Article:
Here is an example of a HTTP custom header:

X-MY-XSRF-HEADER: a867d-e2fcfafd-c600-4156-88ae-ca56babd24e1

 

3. Cookie Attributes

When a browser generates a request to your website, it will attach the last known cookies the site sent to the request. This means that malicious cross-site requests could arrive at your web server with any security cookies you previously set.

The SameSite attribute is defined in rfc6265bis and tries to establish methods of defense against CSRF attacks by defining whether a cookie can be sent in cross-site requests.

Because modern browsers are improving their functions continuously, this attribute cookie is now completely supported in all the latest browser versions.

SameSite = Strict

Setting the “SameSite” attribute in “Strict” mode provides robust defense in depth against CSRF attacks. This setting blocks a cookie that is sent from anotherdomain.com to mydomain.com. Also, when clicking on a top-level link in a third-party domain which redirects to your site, the browser will block this cookie. This can force the user to log in again in your site. This setting can be a good option for applications that require a high level of security (for example a bank).

Example:

Set-Cookie: session_id=23093242342307235435; SameSite=Strict;

SameSite = Lax

In this setting, cookies are only sent in requests that occur within the same site. Unlike the “Strict” setting, “Lax” allows access to top-level requests via HTTP such as GET. In cross-domain POST requests or when loading a cross-domain site, the cookie will not be sent. This implies that it must be sent when navigating to the site through a top-level link.

Other cookies attributes also help with Cross Site attacks include:

  • Secure Attribute: This ensures the cookie will be sent only when using a secure channel such as HTTPS, which protects it from being passed in unencrypted requests.
  • HttpOnly Attribute: This attribute restricts the attack vendors by not allowing the cookie to be accessed via a client-side script such as JavaScript.

 

4. How ZTNA Helps Prevent CSRF

What is ZTNA (Zero Trust Network Access)?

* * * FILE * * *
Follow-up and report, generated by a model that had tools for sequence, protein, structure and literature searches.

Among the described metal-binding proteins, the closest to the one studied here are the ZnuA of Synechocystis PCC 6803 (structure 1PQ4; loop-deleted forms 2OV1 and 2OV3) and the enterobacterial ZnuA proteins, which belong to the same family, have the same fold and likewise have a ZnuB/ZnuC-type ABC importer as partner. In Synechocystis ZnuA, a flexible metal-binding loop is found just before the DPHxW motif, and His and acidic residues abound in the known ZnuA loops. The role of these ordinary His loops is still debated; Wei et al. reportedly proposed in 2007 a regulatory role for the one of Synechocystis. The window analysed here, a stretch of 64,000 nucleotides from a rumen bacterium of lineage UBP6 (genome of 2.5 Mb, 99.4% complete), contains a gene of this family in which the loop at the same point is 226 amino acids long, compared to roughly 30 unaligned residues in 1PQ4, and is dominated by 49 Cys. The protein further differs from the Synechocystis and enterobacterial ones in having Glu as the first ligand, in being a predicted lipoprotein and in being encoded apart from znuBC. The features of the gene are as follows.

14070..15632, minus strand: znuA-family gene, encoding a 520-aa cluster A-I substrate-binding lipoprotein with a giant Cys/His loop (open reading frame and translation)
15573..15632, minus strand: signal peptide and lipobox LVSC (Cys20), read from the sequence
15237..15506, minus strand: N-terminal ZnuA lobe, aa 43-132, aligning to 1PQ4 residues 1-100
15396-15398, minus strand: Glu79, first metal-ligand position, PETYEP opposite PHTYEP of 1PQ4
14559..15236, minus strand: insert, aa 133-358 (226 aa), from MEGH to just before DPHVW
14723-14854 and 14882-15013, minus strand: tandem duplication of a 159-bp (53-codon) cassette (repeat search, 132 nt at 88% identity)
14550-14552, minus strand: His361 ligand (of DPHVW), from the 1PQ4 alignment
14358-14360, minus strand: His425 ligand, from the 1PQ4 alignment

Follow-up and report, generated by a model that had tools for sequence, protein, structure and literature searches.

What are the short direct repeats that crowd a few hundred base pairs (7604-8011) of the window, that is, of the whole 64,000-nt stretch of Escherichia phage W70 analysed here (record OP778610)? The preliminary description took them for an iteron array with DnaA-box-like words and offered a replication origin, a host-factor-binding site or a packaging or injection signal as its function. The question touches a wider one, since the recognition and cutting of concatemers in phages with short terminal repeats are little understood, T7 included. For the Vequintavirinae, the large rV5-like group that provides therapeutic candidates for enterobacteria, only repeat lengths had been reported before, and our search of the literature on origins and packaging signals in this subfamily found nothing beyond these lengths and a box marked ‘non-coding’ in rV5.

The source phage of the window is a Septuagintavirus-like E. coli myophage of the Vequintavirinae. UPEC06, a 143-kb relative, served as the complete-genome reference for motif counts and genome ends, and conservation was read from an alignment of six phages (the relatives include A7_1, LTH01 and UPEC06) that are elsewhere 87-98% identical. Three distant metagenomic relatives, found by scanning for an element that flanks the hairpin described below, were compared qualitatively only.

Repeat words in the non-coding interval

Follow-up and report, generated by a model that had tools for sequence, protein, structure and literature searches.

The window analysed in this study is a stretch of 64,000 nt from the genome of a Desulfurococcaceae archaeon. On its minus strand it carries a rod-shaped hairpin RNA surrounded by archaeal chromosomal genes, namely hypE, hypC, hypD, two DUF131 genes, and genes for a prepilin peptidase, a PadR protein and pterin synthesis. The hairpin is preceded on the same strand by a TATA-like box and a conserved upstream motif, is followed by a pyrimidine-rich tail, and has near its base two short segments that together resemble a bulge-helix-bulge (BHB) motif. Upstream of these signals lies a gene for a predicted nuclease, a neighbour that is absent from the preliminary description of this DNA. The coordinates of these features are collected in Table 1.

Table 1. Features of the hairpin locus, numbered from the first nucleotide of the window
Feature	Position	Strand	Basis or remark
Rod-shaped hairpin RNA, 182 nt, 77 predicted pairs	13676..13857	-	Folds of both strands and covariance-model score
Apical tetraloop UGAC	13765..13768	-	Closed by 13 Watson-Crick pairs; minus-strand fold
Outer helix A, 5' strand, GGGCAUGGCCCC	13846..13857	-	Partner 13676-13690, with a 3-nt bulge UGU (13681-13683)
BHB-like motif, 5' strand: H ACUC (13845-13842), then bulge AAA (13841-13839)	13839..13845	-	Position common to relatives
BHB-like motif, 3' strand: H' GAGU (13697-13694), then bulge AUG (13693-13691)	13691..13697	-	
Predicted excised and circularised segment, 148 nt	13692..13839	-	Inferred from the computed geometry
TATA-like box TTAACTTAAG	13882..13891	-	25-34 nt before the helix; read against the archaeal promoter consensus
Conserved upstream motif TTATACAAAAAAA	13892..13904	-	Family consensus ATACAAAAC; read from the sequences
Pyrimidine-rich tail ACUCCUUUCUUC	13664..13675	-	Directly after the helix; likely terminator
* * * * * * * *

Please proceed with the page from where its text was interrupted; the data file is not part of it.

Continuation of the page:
The simplest explanation of “Zero Trust” is that no user or device is granted inherent trust. Traditional IT network security is based on the perimeter concept, which places a wall between trusted and untrusted resources. Once an attacker gains access to a trusted resource like a local network, it is easier for him to access other resources in this trusted area. Zero trust security is a newer IT security model that requires any enterprise resource or user/device access to be strictly authorized. The access privileges should be as granular as possible to assure the principle of least privilege.

ZTNA (Zero Trust Network Access) is a set of cloud native technologies that operate on an adaptive trust model, where access is granted on a “need-to-know,” least-privileged basis defined by granular policies. ZTNA is a software-defined perimeter (SDP) implementation.

The Zero Trust Approach to Mitigating CSRF Attacks

How It Works:

  • A user sends a request to the controller.
  • The controller determines a list of accepting hosts to which the user host is authorized to communicate.
  • The controller instructs to accept communication from the user host and any policy required.
  • The controller gives the list of authorized hosts and policies required.
  • The user communicates with the accepting hosts through the TLS connection.

 

SDP State

SDP, software defined perimeter, is the architecture on which zero trust is instated. In February 2014, the CSA (Cloud Security Alliance) sponsored the Software Defined Perimeter Hackathon, an event challenging hackers to attack a server defended by a software defined perimeter (SDP). No attacks were reported. 

In a ZTNA architecture, all requests are authenticated and verified before they are forwarded (proxied) to the backend application. This allows the adding of the controls we previously discussed without needing to change the application, i.e without having to modify the code. In other words, ZTNA helps protect from CSRF attacks before they reach the application – unlike the other security measures in this list.

 

Conclusion

  • CSRF is still a common vulnerability. Although there are some defenses, many applications lack the correct implementation.
  • It is important not to underestimate this type of vulnerability in application design, coding, and testing. 
  • Implement all the possible CSRF mitigations you can apply to your software development.
  • Consider a Zero Trust architecture for your company. Although it is a continuously evolving framework, ZTNA can already help you prevent and defend against many application attacks.
  • To get started with zero trust, reach out to the team at Cyolo to learn more about the industry’s most secure zero trust solution.